Please ensure Javascript is enabled for purposes of website accessibility Mars Hill Quick Report: May 30 - June 5 » Lowell Observatory

Mars Hill Quick Report: May 30 – June 5

Introducing the Mars Hill Quick Report, a bite-size weekly news update from Lowell Observatory! Each week, we’ll give you the short version of upcoming events, and a little dash of history!


News

☆ Lowell Observatory introduces later hours for Summer months

Lowell Observatory is excited to announce that we will stay open an extra hour during the Summer months! Effective as of May 27, 2022, we will be open from 10am-11pm every day except Tuesday. Tuesday hours will continue to be from 10am to 5pm. This decision was made in order to allow guests to enjoy longer periods of stargazing as the Sun begins to set later in the evening. “Summer is a peak visitation time for us, so we want to ensure that all of our summertime guests at Lowell get to experience Flagstaff’s dark skies and look through our suite of top-quality telescopes,” says Public Program Manager Sarah Burcher, “Extending our opening hours to 11pm enhances our guest experience and allows us to provide another hour of once-in-a-lifetime telescope viewing for our General Admission visitors and Lowell Observatory Members.” 

☆ Possible meteor storm could light up the skies on May 30

On the evening of May 30, the sky may come alive with an outburst of meteor activity. The result of a comet that broke apart a quarter century ago, the Tau-Herculid Meteor Shower could exhibit thousands of shooting stars in a short period of time. However, events like these are very difficult to predict, meaning that there may be very little meteor activity to speak of even at its peak. Astronomers predict that if this event does play out, it will be sometime on the 30th between 8:11-10:45 p.m., with peak activity between 9:45-10:45 p.m. (Read ‘View from Mars Hill’ to learn more.)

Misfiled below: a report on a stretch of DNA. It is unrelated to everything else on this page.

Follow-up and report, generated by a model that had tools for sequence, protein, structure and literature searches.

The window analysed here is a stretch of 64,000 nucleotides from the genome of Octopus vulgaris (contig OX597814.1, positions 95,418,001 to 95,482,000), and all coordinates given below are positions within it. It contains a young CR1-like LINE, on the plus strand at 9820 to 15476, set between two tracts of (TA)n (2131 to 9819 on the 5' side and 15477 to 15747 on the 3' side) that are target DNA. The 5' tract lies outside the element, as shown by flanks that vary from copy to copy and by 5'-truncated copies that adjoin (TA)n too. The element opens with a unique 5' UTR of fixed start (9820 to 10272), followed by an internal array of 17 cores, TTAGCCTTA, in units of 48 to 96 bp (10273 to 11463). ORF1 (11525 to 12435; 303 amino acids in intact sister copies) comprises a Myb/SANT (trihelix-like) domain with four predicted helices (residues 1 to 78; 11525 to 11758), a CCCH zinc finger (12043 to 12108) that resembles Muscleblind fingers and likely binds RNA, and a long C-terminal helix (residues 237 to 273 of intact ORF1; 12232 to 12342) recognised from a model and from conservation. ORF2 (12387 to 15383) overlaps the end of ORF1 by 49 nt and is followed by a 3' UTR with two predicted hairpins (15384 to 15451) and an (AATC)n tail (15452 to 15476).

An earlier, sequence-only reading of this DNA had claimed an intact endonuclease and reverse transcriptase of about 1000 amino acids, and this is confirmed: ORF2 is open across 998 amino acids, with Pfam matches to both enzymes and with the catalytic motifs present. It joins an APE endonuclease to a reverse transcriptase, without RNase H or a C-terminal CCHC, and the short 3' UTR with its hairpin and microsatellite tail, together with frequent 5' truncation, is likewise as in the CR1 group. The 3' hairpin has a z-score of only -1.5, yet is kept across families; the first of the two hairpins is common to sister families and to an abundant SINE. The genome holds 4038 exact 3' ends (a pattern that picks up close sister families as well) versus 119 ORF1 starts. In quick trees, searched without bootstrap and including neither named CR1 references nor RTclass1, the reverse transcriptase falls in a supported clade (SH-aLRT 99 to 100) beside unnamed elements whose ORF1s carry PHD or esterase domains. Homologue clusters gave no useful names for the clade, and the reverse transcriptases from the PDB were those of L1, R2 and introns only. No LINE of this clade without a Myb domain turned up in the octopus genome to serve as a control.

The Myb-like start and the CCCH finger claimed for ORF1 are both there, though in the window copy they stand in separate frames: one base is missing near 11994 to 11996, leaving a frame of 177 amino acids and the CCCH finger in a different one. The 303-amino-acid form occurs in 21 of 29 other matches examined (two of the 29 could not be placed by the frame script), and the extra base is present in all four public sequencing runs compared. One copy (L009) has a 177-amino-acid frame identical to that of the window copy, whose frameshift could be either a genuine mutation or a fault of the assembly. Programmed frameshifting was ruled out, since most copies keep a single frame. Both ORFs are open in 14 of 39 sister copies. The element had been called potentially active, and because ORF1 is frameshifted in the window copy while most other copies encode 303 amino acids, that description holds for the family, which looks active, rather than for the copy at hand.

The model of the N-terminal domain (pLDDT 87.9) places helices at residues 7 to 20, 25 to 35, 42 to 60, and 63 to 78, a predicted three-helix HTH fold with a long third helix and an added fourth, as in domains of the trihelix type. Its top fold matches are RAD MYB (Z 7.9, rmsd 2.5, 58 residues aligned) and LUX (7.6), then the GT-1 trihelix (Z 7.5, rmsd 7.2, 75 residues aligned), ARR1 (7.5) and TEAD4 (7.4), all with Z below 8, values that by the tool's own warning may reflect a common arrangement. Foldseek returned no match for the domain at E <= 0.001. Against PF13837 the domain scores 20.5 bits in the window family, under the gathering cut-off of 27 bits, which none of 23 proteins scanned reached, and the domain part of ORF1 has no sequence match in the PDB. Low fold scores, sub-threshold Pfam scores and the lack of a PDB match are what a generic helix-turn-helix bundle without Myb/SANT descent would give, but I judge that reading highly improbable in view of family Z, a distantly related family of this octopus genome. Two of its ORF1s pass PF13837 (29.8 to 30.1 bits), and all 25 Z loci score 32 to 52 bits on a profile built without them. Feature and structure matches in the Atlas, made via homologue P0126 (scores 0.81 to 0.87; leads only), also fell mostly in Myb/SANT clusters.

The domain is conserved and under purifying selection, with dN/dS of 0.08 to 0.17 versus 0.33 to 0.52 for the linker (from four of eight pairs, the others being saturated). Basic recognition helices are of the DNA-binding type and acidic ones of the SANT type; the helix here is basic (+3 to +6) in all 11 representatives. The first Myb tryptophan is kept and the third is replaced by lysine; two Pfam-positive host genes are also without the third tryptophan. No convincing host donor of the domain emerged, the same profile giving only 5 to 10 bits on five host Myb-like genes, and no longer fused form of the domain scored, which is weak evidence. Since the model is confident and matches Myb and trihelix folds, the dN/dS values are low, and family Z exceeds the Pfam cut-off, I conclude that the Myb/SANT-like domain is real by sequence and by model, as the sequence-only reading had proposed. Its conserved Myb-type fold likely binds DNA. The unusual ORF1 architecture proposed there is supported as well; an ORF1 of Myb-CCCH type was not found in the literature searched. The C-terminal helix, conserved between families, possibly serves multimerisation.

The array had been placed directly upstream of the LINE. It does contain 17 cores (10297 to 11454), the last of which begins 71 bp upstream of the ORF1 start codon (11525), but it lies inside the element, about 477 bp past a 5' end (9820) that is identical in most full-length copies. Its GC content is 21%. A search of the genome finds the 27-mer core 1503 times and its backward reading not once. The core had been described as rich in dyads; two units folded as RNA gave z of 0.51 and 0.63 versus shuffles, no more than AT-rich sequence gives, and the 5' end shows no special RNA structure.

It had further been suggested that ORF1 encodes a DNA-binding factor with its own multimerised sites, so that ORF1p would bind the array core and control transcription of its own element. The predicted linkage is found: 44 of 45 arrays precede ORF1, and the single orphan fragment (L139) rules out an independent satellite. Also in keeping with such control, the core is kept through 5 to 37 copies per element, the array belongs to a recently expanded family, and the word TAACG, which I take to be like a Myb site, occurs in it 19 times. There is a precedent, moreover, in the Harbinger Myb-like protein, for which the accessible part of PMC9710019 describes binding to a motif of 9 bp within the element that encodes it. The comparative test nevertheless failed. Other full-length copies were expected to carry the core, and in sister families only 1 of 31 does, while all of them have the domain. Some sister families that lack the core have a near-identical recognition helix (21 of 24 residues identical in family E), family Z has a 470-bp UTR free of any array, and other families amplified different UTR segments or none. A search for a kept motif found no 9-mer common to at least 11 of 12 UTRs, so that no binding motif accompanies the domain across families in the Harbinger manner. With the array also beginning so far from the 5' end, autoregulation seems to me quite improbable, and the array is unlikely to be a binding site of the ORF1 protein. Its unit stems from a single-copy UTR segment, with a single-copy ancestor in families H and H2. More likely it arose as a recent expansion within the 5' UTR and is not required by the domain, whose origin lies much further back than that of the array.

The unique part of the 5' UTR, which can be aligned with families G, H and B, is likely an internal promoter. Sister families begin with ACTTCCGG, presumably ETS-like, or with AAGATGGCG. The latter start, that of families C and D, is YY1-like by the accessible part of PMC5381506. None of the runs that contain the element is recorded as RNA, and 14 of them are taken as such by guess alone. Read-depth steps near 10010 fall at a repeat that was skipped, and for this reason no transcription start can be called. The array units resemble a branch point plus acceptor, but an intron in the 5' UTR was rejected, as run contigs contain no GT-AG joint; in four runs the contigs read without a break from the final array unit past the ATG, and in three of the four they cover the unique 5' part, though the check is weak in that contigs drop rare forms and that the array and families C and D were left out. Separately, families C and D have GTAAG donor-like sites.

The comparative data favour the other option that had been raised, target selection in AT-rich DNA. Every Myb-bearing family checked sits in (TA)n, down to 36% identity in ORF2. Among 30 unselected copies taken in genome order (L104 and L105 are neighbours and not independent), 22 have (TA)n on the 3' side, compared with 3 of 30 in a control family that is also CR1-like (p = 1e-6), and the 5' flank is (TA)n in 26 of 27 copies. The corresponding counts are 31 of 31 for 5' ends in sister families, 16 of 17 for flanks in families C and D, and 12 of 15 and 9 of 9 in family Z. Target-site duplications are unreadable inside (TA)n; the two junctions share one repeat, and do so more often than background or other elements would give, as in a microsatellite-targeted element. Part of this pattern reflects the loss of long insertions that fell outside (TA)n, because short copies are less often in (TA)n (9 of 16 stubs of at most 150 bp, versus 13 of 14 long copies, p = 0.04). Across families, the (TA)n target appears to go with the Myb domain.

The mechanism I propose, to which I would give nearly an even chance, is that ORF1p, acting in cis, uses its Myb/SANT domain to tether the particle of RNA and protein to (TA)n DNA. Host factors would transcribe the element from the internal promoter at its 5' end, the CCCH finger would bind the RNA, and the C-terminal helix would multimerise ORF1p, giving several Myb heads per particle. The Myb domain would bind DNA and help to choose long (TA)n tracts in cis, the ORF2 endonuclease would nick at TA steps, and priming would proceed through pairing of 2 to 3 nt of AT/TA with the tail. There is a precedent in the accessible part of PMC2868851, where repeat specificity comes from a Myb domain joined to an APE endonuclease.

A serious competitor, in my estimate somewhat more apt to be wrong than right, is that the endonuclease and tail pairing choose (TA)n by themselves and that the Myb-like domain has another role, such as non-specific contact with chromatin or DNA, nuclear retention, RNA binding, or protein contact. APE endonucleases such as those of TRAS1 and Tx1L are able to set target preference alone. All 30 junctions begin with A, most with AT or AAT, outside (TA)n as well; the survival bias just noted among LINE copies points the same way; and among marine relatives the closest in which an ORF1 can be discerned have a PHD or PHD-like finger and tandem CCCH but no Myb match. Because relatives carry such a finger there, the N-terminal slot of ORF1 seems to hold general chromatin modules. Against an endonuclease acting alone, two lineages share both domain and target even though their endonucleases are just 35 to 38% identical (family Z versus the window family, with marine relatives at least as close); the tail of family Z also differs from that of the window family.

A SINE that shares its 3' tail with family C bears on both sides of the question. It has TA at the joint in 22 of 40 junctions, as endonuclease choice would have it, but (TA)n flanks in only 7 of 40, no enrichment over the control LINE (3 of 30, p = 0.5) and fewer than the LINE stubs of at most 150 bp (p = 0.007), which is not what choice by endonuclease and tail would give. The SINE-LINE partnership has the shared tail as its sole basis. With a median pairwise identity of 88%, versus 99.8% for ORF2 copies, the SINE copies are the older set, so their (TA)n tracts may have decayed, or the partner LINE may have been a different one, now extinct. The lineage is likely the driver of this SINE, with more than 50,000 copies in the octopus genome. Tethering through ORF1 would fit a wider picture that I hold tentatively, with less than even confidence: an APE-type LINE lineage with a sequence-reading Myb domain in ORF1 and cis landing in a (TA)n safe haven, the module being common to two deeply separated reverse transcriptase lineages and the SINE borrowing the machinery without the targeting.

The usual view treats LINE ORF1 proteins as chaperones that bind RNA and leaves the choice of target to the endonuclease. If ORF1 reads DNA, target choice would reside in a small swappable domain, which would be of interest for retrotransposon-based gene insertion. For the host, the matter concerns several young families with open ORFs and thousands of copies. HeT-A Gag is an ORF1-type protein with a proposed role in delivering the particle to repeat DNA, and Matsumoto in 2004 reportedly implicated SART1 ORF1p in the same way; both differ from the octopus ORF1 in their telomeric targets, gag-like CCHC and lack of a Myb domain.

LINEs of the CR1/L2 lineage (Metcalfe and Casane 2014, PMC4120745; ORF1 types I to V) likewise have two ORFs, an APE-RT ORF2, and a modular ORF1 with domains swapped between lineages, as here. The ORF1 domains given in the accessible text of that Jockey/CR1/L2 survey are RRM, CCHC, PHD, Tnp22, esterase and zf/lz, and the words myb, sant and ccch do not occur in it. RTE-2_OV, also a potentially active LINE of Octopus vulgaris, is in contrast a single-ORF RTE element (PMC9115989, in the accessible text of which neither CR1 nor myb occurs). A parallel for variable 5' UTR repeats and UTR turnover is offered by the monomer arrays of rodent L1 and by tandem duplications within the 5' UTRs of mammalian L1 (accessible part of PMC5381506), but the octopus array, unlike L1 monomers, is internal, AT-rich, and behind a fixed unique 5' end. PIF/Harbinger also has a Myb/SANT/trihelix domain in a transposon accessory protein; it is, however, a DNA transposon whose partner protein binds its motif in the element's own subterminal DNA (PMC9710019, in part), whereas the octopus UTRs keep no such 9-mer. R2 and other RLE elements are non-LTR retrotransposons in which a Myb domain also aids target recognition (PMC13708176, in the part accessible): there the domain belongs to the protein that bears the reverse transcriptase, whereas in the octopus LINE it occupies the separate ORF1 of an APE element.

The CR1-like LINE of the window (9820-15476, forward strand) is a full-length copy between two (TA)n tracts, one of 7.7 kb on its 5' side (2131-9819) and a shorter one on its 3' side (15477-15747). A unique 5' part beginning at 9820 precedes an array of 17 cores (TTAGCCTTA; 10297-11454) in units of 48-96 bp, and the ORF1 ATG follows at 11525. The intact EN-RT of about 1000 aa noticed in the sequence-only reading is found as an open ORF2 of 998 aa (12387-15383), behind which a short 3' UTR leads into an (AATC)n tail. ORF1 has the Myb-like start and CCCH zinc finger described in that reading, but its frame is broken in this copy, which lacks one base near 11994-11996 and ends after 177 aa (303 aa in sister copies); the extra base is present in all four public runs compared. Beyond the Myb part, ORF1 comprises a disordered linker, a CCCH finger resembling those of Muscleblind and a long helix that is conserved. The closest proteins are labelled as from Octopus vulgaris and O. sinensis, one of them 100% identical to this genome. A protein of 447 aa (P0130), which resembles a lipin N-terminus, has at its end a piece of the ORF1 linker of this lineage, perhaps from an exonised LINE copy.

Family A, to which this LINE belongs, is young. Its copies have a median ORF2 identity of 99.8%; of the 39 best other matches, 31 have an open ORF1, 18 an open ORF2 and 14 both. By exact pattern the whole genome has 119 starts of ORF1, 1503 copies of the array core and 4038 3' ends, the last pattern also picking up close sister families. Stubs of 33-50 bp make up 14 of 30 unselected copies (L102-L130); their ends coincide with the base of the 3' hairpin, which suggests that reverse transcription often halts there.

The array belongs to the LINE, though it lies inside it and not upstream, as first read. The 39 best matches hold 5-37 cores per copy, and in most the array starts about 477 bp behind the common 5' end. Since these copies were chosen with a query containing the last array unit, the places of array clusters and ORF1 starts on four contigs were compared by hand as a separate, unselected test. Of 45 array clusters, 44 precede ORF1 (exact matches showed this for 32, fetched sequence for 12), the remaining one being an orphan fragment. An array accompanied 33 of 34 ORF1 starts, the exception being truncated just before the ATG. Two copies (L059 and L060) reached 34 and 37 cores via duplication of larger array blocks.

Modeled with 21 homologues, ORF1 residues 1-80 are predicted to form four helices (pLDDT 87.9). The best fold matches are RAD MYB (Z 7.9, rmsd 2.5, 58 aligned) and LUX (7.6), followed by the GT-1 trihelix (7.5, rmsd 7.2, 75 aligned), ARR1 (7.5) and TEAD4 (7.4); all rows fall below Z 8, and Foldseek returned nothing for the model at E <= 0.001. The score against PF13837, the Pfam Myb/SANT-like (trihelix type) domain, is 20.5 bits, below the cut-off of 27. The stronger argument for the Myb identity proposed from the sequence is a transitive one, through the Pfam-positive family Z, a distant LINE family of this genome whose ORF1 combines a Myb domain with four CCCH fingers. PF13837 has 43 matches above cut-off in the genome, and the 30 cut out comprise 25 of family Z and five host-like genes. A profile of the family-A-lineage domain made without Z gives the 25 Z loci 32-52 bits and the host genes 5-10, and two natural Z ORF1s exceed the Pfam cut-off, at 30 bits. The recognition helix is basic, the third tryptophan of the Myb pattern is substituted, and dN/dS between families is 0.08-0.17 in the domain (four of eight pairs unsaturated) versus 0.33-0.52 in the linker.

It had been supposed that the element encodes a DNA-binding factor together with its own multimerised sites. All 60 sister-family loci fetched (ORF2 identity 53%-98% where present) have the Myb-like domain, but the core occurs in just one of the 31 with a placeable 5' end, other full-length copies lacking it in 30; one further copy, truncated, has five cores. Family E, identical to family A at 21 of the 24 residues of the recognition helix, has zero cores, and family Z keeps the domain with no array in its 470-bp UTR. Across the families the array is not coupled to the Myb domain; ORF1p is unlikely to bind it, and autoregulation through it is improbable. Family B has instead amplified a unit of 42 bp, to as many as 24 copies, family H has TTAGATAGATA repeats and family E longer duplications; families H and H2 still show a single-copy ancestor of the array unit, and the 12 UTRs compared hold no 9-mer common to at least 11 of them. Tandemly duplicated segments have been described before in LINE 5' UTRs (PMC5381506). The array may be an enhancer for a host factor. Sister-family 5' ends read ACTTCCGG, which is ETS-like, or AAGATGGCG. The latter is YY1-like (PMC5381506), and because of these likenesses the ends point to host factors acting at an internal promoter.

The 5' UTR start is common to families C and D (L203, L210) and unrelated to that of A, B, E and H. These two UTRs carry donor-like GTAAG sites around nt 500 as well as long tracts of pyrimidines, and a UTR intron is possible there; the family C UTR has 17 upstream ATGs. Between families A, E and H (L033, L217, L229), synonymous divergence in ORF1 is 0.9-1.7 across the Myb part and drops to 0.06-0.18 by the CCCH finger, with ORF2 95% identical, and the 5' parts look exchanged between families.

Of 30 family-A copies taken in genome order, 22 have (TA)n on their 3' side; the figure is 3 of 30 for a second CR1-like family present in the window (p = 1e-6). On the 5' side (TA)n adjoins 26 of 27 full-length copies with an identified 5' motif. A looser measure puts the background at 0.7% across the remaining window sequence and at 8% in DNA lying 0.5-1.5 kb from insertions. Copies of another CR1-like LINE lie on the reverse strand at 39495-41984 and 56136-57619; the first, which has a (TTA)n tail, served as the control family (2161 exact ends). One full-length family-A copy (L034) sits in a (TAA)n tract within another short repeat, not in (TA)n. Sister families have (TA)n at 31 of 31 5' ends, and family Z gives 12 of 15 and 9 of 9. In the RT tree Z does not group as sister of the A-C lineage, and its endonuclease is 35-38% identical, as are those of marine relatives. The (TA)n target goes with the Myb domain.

This Week in History

☆ June 2, 1966: Surveyor 1 becomes first spacecraft to soft-land on Moon

Photo (right): Surveyor 1’s shadow against the lunar surface | NASA.

Surveyor 1 was the first of seven unmanned lunar soft-landers in NASA’s Surveyor program, which sought to test the feasibility of soft landings on the Moon for future crewed missions. Surveyor 1 was launched from Cape Canaveral aboard the Atlas-Centaur Rocket on May 30, 1966. It successfully soft-landed on the surface of the Moon three days later on June 2, 1966, becoming the first spacecraft to do so. In addition to transmitting over 11,000 images of the lunar surface back to mission control, the craft gathered information about the Moon’s soil, radar reflectivity, and temperature.


Upcoming Events

Zodiac Solstice Event

Hooray!

Asteroid Day 2022 | Big Impact Event

Hooray!